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Fall in Love with Monologues
Drilling through a monologue can often feel as nerve-racking as a trip to the dentist's office. It can make your jaw bolt shut and mind race to do something, anything else! Yet there is another approach. A way to look at monologues that can make you actually "fall in love," according to Karen Kohlhaas, monologue maverick and acting coach.
Karen Kohlhaasis the director/producer of The Monologue Audition Video (DVD), and author of The Monologue Audition: A Practical Guide for Actors (Foreword by David Mamet), How to Choose a Monologue for Any Audition, and The Monologue Audition Teacher's Manual.
Karen is also a founding member of New York's Atlantic Theater Company, where she recently directed the Lucille Lortel Award nominated THE COLLECTION and A KIND OF ALASKA by Harold Pinter which was named a top-10 theater production of 2010 by the New York Times, New York magazine, and the New York Daily News.
So if you are looking to breathe in the sweet air of monologues that do not scare, go ahead and take in these tips from Karen Kohlhaas...
Q&A with Karen Kohlhaas
Q: Monologues can be terrifying! How can they not feel like a trip to the dentist's office?
By having a technique that works, and then by falling in love with the elements of acting - including the nerves - that make you want to be an actor in the first place. I have found over 20+ years of teaching monologues that the "dentist's chair" feeling - that monologues are an excruciating but necessary thing an actor must do - comes from not having a technique for approaching them.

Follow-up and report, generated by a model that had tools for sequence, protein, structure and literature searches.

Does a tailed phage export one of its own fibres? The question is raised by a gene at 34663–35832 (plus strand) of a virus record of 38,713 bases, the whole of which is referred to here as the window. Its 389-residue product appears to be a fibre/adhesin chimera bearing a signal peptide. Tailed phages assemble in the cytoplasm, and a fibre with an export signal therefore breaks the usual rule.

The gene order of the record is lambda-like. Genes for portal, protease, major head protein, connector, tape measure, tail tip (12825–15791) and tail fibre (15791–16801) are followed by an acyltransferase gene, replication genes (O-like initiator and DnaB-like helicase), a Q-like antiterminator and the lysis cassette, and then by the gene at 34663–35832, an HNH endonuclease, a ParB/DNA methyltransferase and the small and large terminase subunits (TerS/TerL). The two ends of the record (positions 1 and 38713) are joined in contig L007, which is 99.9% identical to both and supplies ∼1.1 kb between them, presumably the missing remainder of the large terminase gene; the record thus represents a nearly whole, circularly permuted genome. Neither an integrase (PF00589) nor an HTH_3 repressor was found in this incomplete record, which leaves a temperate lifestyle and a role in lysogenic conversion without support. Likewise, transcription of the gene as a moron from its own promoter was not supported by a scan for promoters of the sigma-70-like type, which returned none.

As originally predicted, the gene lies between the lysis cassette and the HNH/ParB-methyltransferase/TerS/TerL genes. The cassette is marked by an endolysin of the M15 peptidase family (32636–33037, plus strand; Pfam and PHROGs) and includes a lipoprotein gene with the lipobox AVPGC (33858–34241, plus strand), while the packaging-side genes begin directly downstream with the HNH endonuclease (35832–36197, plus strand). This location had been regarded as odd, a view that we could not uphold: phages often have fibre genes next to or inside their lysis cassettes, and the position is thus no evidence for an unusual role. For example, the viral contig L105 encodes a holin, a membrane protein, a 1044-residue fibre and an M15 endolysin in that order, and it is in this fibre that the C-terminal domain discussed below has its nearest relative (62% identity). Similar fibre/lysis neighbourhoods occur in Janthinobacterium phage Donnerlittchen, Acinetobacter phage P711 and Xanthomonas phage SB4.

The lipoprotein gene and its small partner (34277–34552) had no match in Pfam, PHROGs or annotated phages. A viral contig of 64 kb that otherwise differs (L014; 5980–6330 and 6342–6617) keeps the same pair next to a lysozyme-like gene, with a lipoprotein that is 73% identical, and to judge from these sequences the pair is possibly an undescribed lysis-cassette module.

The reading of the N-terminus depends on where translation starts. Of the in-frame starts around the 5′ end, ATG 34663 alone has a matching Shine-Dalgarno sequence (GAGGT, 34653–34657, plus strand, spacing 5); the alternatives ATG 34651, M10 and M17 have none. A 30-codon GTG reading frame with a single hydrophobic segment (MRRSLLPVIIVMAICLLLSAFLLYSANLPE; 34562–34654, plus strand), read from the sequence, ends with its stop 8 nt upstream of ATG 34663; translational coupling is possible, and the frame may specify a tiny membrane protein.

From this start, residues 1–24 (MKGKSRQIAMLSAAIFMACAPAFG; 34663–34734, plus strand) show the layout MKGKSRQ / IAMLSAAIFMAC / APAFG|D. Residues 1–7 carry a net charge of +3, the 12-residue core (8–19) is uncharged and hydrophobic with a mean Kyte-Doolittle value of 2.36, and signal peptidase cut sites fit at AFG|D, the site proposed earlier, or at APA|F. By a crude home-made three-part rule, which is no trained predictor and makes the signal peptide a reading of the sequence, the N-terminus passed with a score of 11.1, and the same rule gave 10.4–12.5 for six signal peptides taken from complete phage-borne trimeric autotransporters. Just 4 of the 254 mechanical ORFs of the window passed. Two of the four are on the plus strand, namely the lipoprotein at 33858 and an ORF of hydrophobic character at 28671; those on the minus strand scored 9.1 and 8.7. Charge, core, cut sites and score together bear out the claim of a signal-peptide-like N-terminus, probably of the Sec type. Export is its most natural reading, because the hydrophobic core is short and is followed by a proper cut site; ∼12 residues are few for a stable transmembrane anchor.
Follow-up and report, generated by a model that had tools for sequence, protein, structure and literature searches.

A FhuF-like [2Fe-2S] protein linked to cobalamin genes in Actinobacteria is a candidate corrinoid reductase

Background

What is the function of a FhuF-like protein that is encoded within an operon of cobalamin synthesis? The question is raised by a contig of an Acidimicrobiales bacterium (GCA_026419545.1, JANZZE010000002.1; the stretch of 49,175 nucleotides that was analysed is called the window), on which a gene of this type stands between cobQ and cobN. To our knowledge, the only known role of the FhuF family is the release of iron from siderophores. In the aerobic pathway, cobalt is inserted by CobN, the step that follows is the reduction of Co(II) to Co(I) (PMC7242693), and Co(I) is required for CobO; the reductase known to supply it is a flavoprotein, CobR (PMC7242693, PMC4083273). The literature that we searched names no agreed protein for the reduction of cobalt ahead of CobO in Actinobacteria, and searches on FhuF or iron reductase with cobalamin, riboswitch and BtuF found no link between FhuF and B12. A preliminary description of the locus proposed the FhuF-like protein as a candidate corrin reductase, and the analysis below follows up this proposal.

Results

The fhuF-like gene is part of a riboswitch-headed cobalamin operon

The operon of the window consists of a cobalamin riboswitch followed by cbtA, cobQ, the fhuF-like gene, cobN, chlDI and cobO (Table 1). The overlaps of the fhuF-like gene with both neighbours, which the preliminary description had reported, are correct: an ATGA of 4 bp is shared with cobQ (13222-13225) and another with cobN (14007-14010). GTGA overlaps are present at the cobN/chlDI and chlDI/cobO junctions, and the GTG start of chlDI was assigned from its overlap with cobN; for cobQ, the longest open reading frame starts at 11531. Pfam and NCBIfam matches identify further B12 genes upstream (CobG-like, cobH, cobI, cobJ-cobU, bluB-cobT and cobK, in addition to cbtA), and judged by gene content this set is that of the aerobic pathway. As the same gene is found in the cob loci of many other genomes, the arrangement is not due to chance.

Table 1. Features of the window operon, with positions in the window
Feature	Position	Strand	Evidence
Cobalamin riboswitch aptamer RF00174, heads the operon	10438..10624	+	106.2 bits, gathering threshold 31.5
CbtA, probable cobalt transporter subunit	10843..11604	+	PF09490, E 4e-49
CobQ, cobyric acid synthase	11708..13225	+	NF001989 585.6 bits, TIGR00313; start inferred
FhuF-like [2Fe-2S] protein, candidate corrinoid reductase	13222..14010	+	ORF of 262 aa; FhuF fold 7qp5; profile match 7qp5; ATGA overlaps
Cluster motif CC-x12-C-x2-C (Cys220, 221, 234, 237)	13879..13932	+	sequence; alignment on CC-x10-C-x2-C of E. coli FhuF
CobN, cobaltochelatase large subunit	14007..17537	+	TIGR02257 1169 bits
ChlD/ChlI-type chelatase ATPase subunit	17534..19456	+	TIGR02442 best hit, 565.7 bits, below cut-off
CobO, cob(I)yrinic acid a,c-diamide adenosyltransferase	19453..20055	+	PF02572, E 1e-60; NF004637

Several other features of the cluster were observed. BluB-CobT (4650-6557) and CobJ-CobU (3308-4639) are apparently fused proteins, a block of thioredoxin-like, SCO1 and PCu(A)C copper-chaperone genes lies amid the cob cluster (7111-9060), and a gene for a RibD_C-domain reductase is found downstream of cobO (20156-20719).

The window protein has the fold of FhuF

Q: Once an actor can open their mouth without fear - what should they ultimately try to convey through a monologue?
First, an actor must open his or her mouth regardless of fear - tell the story anyway. So stop waiting until you don't feel afraid. Assume you will feel afraid - as most heroes do; as most actors do; as most people who appear in public do. What you must convey is the truth of the story, told with the truth of yourself. The environment of auditions - especially monologue auditions, where there is no partner or reader - seems to conspire to put the actor's attention on himself. An actor can place his attention on the story he is telling, and make us forget that we are watching an audition. That is possible, at each moment in any performance or audition. And when your attention wanders - put it back on the story!
Q: Speaking of opening up, how does an actor's body (actions, stance, etc) affect their performance?
The body is the vehicle of the story - it not only 'affects' the story, it IS the story. The body is either well-trained and specific and aligned with the story at hand, or it is stiff, or fidgety, or general and getting in the way of the performance and the story.
Q: So many monologues are clunky or overdone! How can an actor find the right one(s)?